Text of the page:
This is a guest blog post by Eugine Dychko from global mobile app marketing agency ComboApp.
Word of mouth is much more effective than direct advertising. Ask yourself this question: Would you be more inclined to download an app after your friend recommended it or after you saw it on a banner ad? Virality is not a primary factor in an app’s promotion strategy, but it makes user acquisition significantly easier and faster. More importantly, it helps app developers save money by decreasing the cost of user acquisition. While the cost of acquiring a loyal user recently reached $4.14, virality lowers marketing spend and promotes an app for free.
Virality requires a detailed strategy and can’t be limited to a couple of sharing buttons inside an app. Want your app to go viral like a popular meme? ComboApp has gathered all of the essential information on app virality to enable users to market an app for you.
Create Something Worth Sharing
People share things that drive value, evoke emotions, or seem to be extraordinary. Does your app offer something interesting or valuable? Will users want to share content or personal accomplishments? Make sure to create shareable moments that users will share on social media and directly to friends. Despite the category, an app can contain some helpful information for the user.
Engaged and loyal users are more likely to share an app. The simple app 2048 last year hit 10 million unique visitors in a month and became an addictive game that went viral. It created a challenge between users and made them spend hours playing and share results with their friends.
The more users become engaged, the better a viral effect it can create:
1 user shares → 1 new user install an app = 2 users share → 2 new users install an app = 4 users share … and so on.
The sequence that leads a user from installing an app to inviting new users is called a viral loop.
What Drives Virality? Touch Emotions and Vanity
It’s psychology 101—positive emotions drive more shares, while controversial emotions lead to more clicks. Emotional arousal is one of the main reasons people share something. According to Jonah Berger, assistant professor of marketing at the Wharton School of the University of Pennsylvania, “Whether you’re selling soda, car insurance, or a presidential candidate, evoking emotion increases word-of-mouth.”
People also like to spread information that makes them look good or feel better about themselves (hello selfies!). Create an opportunity for users to achieve something they will be proud of and will want to share on social media. For example, the Runtastic app seriously benefits from users sharing. Twenty percent of their users share their workout activity on Facebook, leading to millions of impressions and organic downloads.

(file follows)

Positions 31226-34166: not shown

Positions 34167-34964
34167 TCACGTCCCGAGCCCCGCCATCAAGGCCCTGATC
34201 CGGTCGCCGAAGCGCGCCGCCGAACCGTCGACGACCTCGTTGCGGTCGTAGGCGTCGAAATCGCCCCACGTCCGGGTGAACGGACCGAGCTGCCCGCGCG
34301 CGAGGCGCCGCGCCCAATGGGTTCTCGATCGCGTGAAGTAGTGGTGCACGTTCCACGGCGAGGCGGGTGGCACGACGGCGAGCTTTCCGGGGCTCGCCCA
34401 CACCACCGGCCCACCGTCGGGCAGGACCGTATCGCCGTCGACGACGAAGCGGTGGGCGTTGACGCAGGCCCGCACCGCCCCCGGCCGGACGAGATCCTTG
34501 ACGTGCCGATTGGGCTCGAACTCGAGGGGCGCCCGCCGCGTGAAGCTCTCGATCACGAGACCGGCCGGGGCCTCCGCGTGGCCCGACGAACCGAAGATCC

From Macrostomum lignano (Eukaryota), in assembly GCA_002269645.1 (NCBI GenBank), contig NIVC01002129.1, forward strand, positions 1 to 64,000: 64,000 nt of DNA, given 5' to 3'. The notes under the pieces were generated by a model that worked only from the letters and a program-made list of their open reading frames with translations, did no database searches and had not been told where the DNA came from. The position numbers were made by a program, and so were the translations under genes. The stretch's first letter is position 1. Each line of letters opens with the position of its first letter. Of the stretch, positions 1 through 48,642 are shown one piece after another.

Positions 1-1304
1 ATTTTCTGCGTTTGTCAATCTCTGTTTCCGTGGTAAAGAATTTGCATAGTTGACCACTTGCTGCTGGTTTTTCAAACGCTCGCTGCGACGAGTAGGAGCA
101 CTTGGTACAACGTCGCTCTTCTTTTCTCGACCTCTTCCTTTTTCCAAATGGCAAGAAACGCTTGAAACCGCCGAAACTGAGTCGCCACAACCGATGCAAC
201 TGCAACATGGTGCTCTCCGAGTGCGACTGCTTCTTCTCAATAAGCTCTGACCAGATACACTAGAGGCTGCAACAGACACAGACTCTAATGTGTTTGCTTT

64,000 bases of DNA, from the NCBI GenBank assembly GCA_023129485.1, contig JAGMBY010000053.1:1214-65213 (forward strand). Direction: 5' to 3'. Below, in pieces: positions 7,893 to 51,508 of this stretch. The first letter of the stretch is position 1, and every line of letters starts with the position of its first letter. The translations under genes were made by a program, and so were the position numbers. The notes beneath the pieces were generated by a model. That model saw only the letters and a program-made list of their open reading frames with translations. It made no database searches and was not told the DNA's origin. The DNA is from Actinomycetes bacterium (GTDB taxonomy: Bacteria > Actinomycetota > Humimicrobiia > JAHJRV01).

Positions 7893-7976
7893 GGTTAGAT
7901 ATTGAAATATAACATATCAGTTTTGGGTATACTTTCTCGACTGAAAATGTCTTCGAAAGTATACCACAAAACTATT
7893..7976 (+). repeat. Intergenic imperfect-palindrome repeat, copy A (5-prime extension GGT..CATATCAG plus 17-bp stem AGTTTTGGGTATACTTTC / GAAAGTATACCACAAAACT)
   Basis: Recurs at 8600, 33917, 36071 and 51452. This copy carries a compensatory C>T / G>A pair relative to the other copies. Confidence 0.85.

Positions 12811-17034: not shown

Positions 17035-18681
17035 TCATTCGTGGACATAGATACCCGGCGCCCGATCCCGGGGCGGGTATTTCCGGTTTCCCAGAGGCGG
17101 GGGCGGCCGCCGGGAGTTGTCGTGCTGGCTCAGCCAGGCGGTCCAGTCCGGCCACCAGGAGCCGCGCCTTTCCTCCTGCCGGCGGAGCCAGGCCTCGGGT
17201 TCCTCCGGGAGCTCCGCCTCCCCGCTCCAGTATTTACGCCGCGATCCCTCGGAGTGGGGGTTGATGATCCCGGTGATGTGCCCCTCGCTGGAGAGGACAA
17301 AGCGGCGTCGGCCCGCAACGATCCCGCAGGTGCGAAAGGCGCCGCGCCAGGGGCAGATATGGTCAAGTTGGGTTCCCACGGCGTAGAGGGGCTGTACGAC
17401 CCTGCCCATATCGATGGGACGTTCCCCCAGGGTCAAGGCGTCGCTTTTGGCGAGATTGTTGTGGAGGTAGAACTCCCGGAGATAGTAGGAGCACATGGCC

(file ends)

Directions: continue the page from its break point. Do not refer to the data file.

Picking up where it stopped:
Sharing Buttons: When, Where, and Which?
To make the sharing process easier:
- Provide the ability to share to several social platforms in one or two taps. Even better? Make it possible to post to multiple social networks at one time.
- Show only the channels that users post to or maybe add an option to set up the order of the sharing buttons on display.
- Place sharing channels that are relevant to the app’s content. For example, the App in the Air app benefited most from adding Instagram and Whatsapp as sharing channels. Users post their flight details to these social networks, driving 40 percent of downloads for this app.
Add images and text to social actions. Images and messages will differ depending on the platform (formal for LinkedIn, friendly and relaxed for WhatsApp).
Don’t Trick Users Into Sharing… Reward Them
You know that feeling when using an app and the “find friends” bar haunts you on every page, making your in-app experience almost intolerable? Don’t do this to your users. Ensure smooth and pertinent sharing suggestions. Users should have full control of what is going to be shared. Tricking users into sharing may work short term, but they will delete the app and leave you with negative app store reviews and a poor reputation. Remember the infamous Circle app? It was tricking users into inviting all of their contact lists and all Facebook friends in one tap. This spam invite strategy brought the app to the top charts in app stores, yet created an ugly image of the app on social media.
A referral program is a clear and effective virality tool. Not every company can afford to give a $25 discount for each friend a user invites, like Airbnb does. However, there are other ways of rewarding a user for an invite or share additional storage, a free upgrade, free additional features, or in-app currency.
It is worth creating two-side referrals when you incentivize both an existing user and a new user. A new user is more likely to download and use an app with the promise of a reward and an existing user will provide value to a friend.
In order to understand the efficiency of your strategy to make your app viral, it’s important to track the performance of share buttons and calculate a K-factor. This data will generate insight that will serve as a base for further adjustments. Having a viral app can lead to incredible results when embedded into an app’s core functionality, design, and features.
Have you utilized sharing buttons or a referral model in your app? Have you seen results? Tell us in the comments below.
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